‘Community solutions’

While identifying himself as a socialist, Wainwright focused his election campaign on “community solutions” to some of the problems faced by working people residing in the Hilton ward. His election statement called for the FCC to construct an underpass or over-bridge across Stock Road to connect the suburbs of Hilton and Samson, maintain public access to Fremantle’s beaches, create Hilton community garden projects on underutilised land and redevelop the Hilton shopping area to make it more “people friendly”. He also advocated that the FCC charge rates based on ability to pay; improve environmental standards in planning applications; introduce free public transport and more bike paths; oppose outsourcing of FCC services and defend employment conditions for the FCC workforce. Describing the FCC as “an extension of the community”, Wainwright declared that it should “set an example in workplace rights and standards”.

Wainwright’s conception of the FCC as “an extension of the community”, rather than an instrument of business interests in the city of Fremantle, led him to the erroneous conclusion that such reforms can be implemented by working “constructively with the rest of council” to pass new by-laws. Measures that would advance the interests of working people in the city, such as council rates based on income and better employment conditions for FCC workers, would come into direct conflict with the interests of Fremantle’s employing class. Such reforms will be won only outside of the meeting rooms of the Fremantle Town Hall, through the mobilisation of working people on the streets and in their workplaces.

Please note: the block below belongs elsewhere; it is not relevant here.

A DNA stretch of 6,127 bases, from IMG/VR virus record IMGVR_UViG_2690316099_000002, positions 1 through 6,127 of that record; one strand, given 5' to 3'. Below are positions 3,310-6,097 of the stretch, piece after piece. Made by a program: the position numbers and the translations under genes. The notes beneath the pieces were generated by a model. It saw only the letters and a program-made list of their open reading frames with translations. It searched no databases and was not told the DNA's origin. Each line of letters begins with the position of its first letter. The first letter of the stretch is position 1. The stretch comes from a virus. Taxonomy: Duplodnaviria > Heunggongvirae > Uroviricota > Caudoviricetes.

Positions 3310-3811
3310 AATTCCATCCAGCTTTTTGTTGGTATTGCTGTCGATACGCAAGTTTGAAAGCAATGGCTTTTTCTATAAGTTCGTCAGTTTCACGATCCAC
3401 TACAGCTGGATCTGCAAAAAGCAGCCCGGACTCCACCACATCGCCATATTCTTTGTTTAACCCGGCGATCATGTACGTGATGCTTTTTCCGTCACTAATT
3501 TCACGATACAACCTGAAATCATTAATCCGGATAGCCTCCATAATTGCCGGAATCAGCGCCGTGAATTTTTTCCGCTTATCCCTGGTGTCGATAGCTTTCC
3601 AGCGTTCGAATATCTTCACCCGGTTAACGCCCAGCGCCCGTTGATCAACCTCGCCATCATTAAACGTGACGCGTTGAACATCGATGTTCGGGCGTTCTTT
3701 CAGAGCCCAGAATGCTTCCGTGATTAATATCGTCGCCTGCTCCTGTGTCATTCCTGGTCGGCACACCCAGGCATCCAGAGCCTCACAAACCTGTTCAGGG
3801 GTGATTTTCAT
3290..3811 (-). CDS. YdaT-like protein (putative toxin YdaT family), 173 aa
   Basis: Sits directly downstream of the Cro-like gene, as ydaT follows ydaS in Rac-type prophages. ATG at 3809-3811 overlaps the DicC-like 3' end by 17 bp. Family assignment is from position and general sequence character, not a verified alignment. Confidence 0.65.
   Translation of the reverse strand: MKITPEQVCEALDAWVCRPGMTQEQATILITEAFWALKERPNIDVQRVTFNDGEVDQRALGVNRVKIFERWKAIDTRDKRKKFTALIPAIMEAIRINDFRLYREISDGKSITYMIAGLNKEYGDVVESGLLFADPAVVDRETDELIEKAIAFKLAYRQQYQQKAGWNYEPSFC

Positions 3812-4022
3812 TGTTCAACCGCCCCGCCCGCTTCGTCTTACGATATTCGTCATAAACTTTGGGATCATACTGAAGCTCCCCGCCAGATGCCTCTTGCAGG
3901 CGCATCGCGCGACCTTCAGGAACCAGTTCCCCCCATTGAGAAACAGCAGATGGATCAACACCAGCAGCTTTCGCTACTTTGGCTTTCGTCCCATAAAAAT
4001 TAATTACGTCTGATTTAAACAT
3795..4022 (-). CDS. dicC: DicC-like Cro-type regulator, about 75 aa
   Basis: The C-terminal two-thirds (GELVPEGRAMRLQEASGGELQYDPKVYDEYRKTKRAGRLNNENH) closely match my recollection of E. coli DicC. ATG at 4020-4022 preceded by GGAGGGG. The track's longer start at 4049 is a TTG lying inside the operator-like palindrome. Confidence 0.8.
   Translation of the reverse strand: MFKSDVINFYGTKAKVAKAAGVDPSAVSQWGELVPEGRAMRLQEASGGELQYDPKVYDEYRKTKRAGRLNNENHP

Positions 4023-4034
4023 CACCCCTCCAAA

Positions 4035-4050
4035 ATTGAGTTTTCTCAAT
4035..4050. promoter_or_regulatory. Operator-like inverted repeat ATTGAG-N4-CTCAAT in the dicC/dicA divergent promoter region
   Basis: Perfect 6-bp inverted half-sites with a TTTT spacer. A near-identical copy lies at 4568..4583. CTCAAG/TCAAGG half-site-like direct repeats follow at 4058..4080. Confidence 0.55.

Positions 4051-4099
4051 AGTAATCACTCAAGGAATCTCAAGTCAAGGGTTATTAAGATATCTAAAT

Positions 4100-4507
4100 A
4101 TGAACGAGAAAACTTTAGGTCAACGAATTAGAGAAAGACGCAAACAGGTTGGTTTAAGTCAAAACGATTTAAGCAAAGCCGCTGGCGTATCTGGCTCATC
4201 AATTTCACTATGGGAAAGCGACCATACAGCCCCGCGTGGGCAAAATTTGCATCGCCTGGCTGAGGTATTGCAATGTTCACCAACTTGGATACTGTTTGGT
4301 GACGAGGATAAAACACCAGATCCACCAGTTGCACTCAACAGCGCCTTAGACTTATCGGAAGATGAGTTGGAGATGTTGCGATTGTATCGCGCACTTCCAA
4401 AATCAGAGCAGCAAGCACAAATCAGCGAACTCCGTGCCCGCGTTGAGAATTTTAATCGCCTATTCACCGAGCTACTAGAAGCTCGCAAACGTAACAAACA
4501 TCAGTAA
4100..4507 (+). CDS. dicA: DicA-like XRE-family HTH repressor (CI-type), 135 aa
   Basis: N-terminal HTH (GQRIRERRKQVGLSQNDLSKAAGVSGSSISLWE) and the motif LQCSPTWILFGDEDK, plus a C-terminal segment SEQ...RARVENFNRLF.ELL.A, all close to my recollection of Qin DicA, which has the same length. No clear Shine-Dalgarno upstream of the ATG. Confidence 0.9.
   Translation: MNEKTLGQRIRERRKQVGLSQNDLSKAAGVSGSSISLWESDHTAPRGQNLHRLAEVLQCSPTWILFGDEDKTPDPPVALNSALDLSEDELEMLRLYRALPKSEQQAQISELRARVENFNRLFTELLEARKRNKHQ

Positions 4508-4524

A campaign linked to building extra-parliamentary action by the working people of Fremantle could help to implement some progressive reforms. And importantly, it could also help to raise the consciousness of working-class residents of their own potential power if organised to defend their interests. As a wharfie and former workplace delegate of the Maritime Union of Australia (MUA), Wainwright could inform people of the significant gains achieved by the MUA through the mobilisation and direct action of its membership. By fostering the illusion that the FCC is an “extension of the community” that can be reformed to give “residents … a say over how services are delivered”, Wainwright’s campaign fell into the trap of reinforcing, rather than countering, the liberal myth that capitalist parliamentary institutions can be reformed to serve the needs of the majority of people.

An October 23 “community announcement” on Wainwright’s blogsite ( advertised a Neighbourhood Watch “community” BBQ. It appears that even the Western Australian Police Force, the primary sponsors of the Neighbourhood Watch program, are now an “extension of the community”. Wainwright would do well to remember that when, in May 1998, thousands of Fremantle working-class residents mobilised to defend the jobs of wharfies on picket lines at the Fremantle docks, the WA police proved themselves more loyal to the maritime industry bosses than to his co-workers and the working people that his campaign sought to give voice to.